News Analysis Article Template

Write a News Analysis to Bring New Life to Your Articles

Position yourself as a unique, leading source by sharing your analysis of a currently relevant news event. Not only will you make your topic more interesting instantly, writing news analysis articles will provide you with a continuous pool of article ideas.

The greatest hurdle you must overcome when writing about a news event is the topic may be relevant now, but it may lose relevancy over time.

Your goal with a news analysis article is to write it in a way that makes the topic relevant now and in the future. One way to do that is to focus some of your attention on the future. Another way is to cover a past event in a comprehensive way.

Let’s Get Started:

  1. Choose a News Event – When you hear of a news event related to your niche, take note of it. Consider reviewing trade magazines related to your niche regularly so you are always up to date.
  2. Lay Out the Story – Set the scene of the news event. Make this part of the article rather brief because the bulk of the article should be your exclusive analysis.
  3. Give Your Analysis – Give your analysis of the event and explain how it impacts your niche. Does it change the conventional wisdom on the topic? Or does it reaffirm it?
  4. Give a Prediction – Provide a projection examining what you think the future holds for the people involved.
  5. Summarize the Analysis – Recap the event and what it means for your niche.

Now, let’s set you up with some keys to success when writing your news analysis:

  • Relevance – Make sure the news topic is relevant to your niche.
  • Evergreen – Maintain value with evergreen content that will be applicable to future readers.
  • Unbiased – Don’t let your bias bleed through your content and lower your credibility! Leave out negativity, tacky post-mortem commentary, grandstanding, mud-slinging, etc.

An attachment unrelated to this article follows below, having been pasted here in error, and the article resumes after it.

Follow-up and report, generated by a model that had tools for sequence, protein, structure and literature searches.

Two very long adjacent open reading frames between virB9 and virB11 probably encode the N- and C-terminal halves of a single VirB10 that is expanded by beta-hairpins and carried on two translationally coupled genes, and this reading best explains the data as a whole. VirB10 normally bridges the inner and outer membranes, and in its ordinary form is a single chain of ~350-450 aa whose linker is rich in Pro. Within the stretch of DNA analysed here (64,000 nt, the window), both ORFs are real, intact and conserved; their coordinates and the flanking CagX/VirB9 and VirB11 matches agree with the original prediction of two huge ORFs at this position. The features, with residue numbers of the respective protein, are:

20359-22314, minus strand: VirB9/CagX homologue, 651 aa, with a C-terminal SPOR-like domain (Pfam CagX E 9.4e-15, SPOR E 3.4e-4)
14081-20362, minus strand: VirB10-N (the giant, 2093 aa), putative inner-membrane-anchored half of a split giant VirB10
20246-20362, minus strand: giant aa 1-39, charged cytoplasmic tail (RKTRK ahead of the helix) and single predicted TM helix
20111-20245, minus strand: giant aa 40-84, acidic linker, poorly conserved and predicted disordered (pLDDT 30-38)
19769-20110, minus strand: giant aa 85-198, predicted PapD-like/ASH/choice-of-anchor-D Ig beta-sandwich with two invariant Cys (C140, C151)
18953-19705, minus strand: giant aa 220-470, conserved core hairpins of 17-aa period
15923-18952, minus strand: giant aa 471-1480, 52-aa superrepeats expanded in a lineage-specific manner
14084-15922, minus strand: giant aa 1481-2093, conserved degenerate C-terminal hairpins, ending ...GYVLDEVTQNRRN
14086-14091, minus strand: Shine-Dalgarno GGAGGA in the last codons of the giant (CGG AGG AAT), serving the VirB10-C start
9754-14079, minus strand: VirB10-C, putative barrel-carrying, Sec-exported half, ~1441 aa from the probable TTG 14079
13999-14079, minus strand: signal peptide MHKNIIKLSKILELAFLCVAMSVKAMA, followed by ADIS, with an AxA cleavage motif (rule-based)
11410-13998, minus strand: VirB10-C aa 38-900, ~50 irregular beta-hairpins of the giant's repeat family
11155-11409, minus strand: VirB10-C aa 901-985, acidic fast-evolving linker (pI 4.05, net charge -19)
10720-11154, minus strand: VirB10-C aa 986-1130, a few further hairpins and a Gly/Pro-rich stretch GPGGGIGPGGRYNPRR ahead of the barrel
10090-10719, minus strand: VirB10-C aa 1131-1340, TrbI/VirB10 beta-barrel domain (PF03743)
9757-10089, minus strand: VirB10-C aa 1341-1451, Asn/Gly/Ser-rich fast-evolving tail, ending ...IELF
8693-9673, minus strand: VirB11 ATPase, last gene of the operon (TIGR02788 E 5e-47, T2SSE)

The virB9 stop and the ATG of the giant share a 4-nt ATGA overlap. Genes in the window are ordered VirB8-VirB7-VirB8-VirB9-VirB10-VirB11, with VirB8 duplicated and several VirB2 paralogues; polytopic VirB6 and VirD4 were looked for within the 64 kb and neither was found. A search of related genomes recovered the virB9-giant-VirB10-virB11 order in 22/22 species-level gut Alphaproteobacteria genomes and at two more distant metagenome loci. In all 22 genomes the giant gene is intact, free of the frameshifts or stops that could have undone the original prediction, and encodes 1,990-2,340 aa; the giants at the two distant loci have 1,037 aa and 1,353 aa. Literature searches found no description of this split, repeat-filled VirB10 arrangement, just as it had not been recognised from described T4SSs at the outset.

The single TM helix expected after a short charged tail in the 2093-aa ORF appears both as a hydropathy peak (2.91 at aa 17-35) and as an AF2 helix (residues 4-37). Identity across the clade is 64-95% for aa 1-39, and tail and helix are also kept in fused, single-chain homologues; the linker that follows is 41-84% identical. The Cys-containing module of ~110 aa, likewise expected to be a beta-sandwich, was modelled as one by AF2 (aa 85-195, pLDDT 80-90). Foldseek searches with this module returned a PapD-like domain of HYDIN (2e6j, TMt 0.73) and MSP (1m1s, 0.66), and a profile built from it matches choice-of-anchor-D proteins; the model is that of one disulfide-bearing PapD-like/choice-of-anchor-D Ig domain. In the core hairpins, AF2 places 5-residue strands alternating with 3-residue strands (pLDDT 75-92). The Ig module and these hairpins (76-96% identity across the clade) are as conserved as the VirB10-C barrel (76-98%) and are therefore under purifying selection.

• Truth – Be factual. Current events are under the audience’s microscope; provide the truth and stay away from hearsay.
  • Informative – Consider of the 5 W’s and H (Who, What, Where, When, Why, and How) to stay balanced in your story, analysis, and prediction.
  • Exclusive – Become your reader’s exclusive source by providing 100% unique content.
  • Value – Ensure the value of your content is on your analysis and expertise, not the hook.

Use these keys to make your news analysis unique, informative and relevant. Try incorporating a news analysis regularly into your article lineup to keep you tuned into the trends of your niche and provide fresh insight to your readers.

For your next article, be the source audiences are searching for with the News Analysis article template and give your articles, your credibility, and your website or blog a boost! Then, come back here and let us know how it worked for you!


Raghunathan writes:

It is amazing tips for the article writing and good scope you are most welcome to this world of writing.

Comment provided October 24, 2011 at 8:51 AM


Lance Winslow writes:

This is a great article template, and it is possible to make your news analysis articles relevant to an event and in a way to make it perennial in nature, as it outlines historical information of the time, which might easily become forgotten in the future, but your article will remain, plus, and this has happened to me, if your predictions or summaries turn out to be spot on, you will even get calls from news organizations on the topic of from industry associations and trade journals asking you your opinions and insights on follow-up stories as the future unfolds – and it always does.